It's easy to say all Americans should be able to use the Internet in the 21st century, which is probably why several leading candidates for the Democratic presidential nomination have done just that. It’s much harder to say how to get there. Almost everyone, even on both sides of the aisle in Congress, seems able to agree on the need to fix the maps first. That’s because the Federal Communications Commission relies on coverage reports from industry, and carriers have incentive to exaggerate their reach.
If it wasn’t obvious before, the coronavirus pandemic makes clear the need for an open internet with broadband access for all Americans. But don’t hold your breath waiting for the broadband industry to see the light on control of the internet. AT&T, Comcast, Verizon, T-Mobile and other major Internet service providers aren’t backing away from their goal of raking in billions by charging websites more for priority access to the internet. The providers are hoping Republicans will regain the White House in 2024 and once again roll back net neutrality provisions.
Tech issues aren’t likely to be at the top of Joe Biden’s agenda on Jan 20. But tech needs a seat at the Biden table to navigate what have been increasingly thorny issues for the industry: net neutrality, privacy, antitrust challenges, broadband access, science and technology investment, and H-1B visas.
For the millions of people behind bars in the US, the phone offers a vital connection to their families and the outside world. But placing a call comes at a cost — a steep one. But Federal Communications Chairman Ajit Pai is now asking states to impose price caps on intrastate prison phone calls, keeping the service affordable and accessible to inmates so that they can keep in touch with loved ones.
It’s critical that Congress provide funding in the next coronavirus relief bill to assist families that can’t afford internet access. But that will take time that students can’t afford. The government needs to do more to get them online now.
Michael Pack, the alt-right filmmaker installed by President Donald Trump to run US foreign broadcasting operations, remains on course to dismantle the independent journalism that has been their calling card. Apparently, Voice of America sources say Pack is refusing to renew the visas of foreign-born journalists who are vital to its mission of producing news reports in 47 languages. Pack has also frozen all VOA contracts, under which some 40 percent of its staff are employed.
Voice of America and other U.S. government media never engage in propaganda. Is that about to change?
For decades, US government-funded foreign broadcasting has distinguished itself from that of undemocratic nations with its commitment to quality journalism and editorial independence.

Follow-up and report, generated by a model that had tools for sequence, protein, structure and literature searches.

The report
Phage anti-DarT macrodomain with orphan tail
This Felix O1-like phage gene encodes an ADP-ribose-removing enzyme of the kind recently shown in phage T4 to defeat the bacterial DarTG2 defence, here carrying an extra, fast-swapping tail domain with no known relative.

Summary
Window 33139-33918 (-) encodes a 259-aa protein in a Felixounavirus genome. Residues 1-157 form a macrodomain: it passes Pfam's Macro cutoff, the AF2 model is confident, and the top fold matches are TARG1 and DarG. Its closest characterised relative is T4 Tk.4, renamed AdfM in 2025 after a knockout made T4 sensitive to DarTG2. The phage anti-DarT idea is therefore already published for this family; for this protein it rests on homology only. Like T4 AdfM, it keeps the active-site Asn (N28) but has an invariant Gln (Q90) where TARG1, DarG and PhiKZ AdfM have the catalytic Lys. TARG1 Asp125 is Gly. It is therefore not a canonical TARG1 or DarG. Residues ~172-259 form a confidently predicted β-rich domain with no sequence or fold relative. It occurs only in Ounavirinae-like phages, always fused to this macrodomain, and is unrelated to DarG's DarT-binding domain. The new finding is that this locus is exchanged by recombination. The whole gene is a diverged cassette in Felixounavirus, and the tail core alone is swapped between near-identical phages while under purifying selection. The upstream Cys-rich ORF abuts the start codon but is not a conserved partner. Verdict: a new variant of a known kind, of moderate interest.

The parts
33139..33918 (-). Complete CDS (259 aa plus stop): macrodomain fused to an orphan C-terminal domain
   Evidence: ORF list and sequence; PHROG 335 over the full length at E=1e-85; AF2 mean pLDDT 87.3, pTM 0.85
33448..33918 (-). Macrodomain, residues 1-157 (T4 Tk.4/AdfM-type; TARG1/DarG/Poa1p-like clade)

The digital divide was a problem before the pandemic. Now it’s an existential problem for students who can’t access live-streamed classes, for the ill who can’t virtually consult with a doctor, for isolated individuals who can’t find human connection on their laptop screens. The burden, as ever, disproportionately falls on the low-income, rural and nonwhite. There’s more the government can do today, and there’s an opportunity to lay the groundwork for the days to come.
The coronavirus pandemic happened and, in a breath, home internet went from desired option to life-sustaining necessity. If the shutdown is responsible for limiting the spread of the infectious respiratory disease that has killed more than 1,100 Pennsylvanians in a month, then the internet is why it isn’t more. And that is why the World Wide Web has to be wide enough to work for the whole world. Broadband access needs to be viewed as a utility little different from water or electricity or gas. It needs to be as accessible as the sidewalks that connect us to our schools and jobs and banks.
For the past several years, the Government Technology editorial team has picked apart State of the State addresses, looking for clues about new initiatives and areas of focus that will touch technology. As of Feb 3, 2020, about two-thirds of governors have delivered these speeches. Increasingly, governors are using their platforms to underscore the importance of making sure all residents, regardless of where they live, have options to get online. Internet access has profound impacts on opportunities in education, jobs, health care and nearly every other facet of modern life.